How does the Michelson interferometer measure the self-coherence function of coherent light in an incoherent background? Detection of coherent light in an incoherent background (Coutinho et al., 1999) is still the best analysis and implementation of this concept despite considerable progress in semiconductor fabrication and photonics since its publication.

The reason I ask this question is because airplane pilots need to see the landing strip, ground landmarks and the horizon while at the same time harmful visible light laser rays are filtered.

  • $\begingroup$ Your last paragraph has absolutely nothing to do with interferometers. $\endgroup$ Commented Jun 14, 2016 at 12:30

2 Answers 2


As you change the relative arm lengths of a Michelson interferometer, the transmission (or reflection) coefficient of the interferometer ranges from $T=0$ to $T=1$ for coherent light, but, if designed properly, will always have a transmission of $T=0.5$ for incoherent light.

If we define the length of the two arms of the Michelson to be $L_1$ and $L_2+\delta\ell$, where $L_1$ and $L_2$ are macroscopic distances on the order of meters and $\delta\ell$ is a microscopic distance on the order of micrometers, then the interference properties of the Michelson only depend on $\delta\ell$ for highly coherent light like a laser. However, the interference properties of the Michelson for incoherent light depend on the relative macroscopic distances. If $|L_1-L_2|\gg L_c$, where $L_c$ is the coherence length of the incoherent light, then the Michelson will not display any interference regardless of $\delta\ell$.

  • $\begingroup$ Did you mean to write L2 = L1 + δℓ? I would like to extend your analysis where L1 and L2 are macroscopic distances on the order of centimeters so we could miniaturize Coutinho et al's Michelson interferometer to sit directly on the top edge of a Boeing 737 cockpit window. Is is possible to do that? Finally, how do I modify your supern analyis to take into account the angle of incidence? Thank you very much. $\endgroup$
    – Frank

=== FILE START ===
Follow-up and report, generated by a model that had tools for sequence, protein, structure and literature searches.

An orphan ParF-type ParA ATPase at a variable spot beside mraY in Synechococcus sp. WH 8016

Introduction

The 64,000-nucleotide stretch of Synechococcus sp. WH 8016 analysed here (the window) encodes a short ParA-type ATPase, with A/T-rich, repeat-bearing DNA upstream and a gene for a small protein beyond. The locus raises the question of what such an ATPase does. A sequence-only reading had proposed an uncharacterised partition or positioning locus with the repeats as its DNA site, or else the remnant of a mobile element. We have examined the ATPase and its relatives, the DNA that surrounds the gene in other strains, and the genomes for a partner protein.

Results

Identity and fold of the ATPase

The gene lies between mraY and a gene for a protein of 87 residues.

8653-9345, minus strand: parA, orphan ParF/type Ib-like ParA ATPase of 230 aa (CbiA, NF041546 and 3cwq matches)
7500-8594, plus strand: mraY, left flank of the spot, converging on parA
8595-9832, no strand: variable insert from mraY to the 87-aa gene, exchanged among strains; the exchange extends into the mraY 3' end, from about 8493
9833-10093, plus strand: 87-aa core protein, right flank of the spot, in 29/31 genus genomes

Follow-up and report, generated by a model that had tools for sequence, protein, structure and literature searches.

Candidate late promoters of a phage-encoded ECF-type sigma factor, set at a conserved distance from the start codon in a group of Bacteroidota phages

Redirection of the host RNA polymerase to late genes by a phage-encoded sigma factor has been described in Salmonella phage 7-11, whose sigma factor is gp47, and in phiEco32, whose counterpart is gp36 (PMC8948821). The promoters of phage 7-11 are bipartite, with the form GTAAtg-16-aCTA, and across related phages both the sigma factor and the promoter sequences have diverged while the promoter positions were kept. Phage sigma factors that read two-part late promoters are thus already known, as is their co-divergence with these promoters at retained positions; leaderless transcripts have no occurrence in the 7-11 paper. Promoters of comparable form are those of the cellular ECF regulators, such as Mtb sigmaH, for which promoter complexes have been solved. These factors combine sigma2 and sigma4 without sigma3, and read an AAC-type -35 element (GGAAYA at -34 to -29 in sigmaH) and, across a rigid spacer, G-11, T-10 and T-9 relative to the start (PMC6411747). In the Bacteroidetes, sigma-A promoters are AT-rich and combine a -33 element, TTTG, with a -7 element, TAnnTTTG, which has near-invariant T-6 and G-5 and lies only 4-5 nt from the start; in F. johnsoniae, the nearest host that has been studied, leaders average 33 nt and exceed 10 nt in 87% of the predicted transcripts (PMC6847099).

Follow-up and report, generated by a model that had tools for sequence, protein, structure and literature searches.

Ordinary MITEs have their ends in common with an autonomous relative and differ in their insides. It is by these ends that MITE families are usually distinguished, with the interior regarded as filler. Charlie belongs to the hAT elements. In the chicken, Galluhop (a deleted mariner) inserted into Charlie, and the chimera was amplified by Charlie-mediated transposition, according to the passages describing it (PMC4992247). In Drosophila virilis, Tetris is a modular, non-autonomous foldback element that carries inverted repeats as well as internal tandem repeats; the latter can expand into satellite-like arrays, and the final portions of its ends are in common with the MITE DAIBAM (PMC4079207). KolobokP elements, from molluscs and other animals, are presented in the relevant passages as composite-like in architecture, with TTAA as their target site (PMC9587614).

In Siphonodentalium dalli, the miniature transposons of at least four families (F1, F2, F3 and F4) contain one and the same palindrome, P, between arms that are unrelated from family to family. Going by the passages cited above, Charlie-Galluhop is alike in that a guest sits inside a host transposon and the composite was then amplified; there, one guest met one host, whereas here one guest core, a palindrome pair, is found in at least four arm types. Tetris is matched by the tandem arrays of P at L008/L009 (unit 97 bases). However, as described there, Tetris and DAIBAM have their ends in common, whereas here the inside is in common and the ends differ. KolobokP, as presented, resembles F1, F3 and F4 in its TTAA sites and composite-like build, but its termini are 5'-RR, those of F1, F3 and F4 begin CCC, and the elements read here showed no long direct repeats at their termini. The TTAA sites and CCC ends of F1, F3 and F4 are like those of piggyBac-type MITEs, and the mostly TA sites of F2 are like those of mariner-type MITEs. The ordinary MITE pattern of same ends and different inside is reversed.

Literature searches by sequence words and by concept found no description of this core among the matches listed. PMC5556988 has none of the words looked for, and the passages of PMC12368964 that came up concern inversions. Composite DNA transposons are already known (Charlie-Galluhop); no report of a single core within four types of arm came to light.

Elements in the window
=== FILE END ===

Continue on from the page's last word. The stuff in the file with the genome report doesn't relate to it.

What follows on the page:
Commented Jun 13, 2016 at 23:45
  • $\begingroup$ @Frank No, it is important that L1+L2 not be equal for incoherent light to be unaffected by interferometer. The difference in length between them must be greater than the coherence length of the incoherent light (~few mm) in order to work. I do not believe that this will be an effective tool for your application because you will have to hold the interferometer at a point of destructive interference for the coherent light which is different for each wavelength that you might want to reflect. $\endgroup$ Commented Jun 14, 2016 at 1:01
  • $\begingroup$ Thank you for your high quality comment.With regard, to your statement " I do not believe that this will be an effective tool for your application ", are you implying that it is physically impossible to build a tunable interferometer (i.e hardware) over the RGB wavelengths? If it is impossible to build such hardware, could we resort to digital signal processing software to cancel the coherent laser pointer beam? $\endgroup$
    – Frank
    Commented Jun 14, 2016 at 1:40
  • $\begingroup$ @Frank You might be able to use DSP techniques to detect the wavelength of the laser and lock the interferometer to reject that particular wavelength. $\endgroup$ Commented Jun 14, 2016 at 12:06
  • $\begingroup$ @ChrisMueller but you can't lock a wavelength and all possible entrance angles. $\endgroup$ Commented Jun 14, 2016 at 12:31

The order of the dark fringe of the coherent source to lock to is the first order because the self coherence function's first minimum corresponding to the sinc function's envelope is located at an interval of lambda\4 multiplied by the distance d where lambda equals wavelength and d is equal to the distance between a fixed mirror's image and an moving mirror's image.

The information of the greatest interest is the spectrum in one branch of the interferometer called the interferogram's inverse Fourier transform. As a result, the interferometer's signal as a function of the optical path difference and the spectrum as a function of wavenumber, also known as 1/wavelength,form a Fourier transform pair.

If you wish to explore this topic, please read chapter 6 , Fourier Trahsform Spectroscopy , in the book written by the Finnish professors, J. Kauppinen and J. Partanen , titled Fourier Transforms in Spectroscopy.

I enjoyed chatting with the New York genius expert, @Chris Mueller , about this topic.

Thank you


Your Answer

By clicking “Post Your Answer”, you agree to our terms of service and acknowledge you have read our privacy policy.

Not the answer you're looking for? Browse other questions tagged or ask your own question.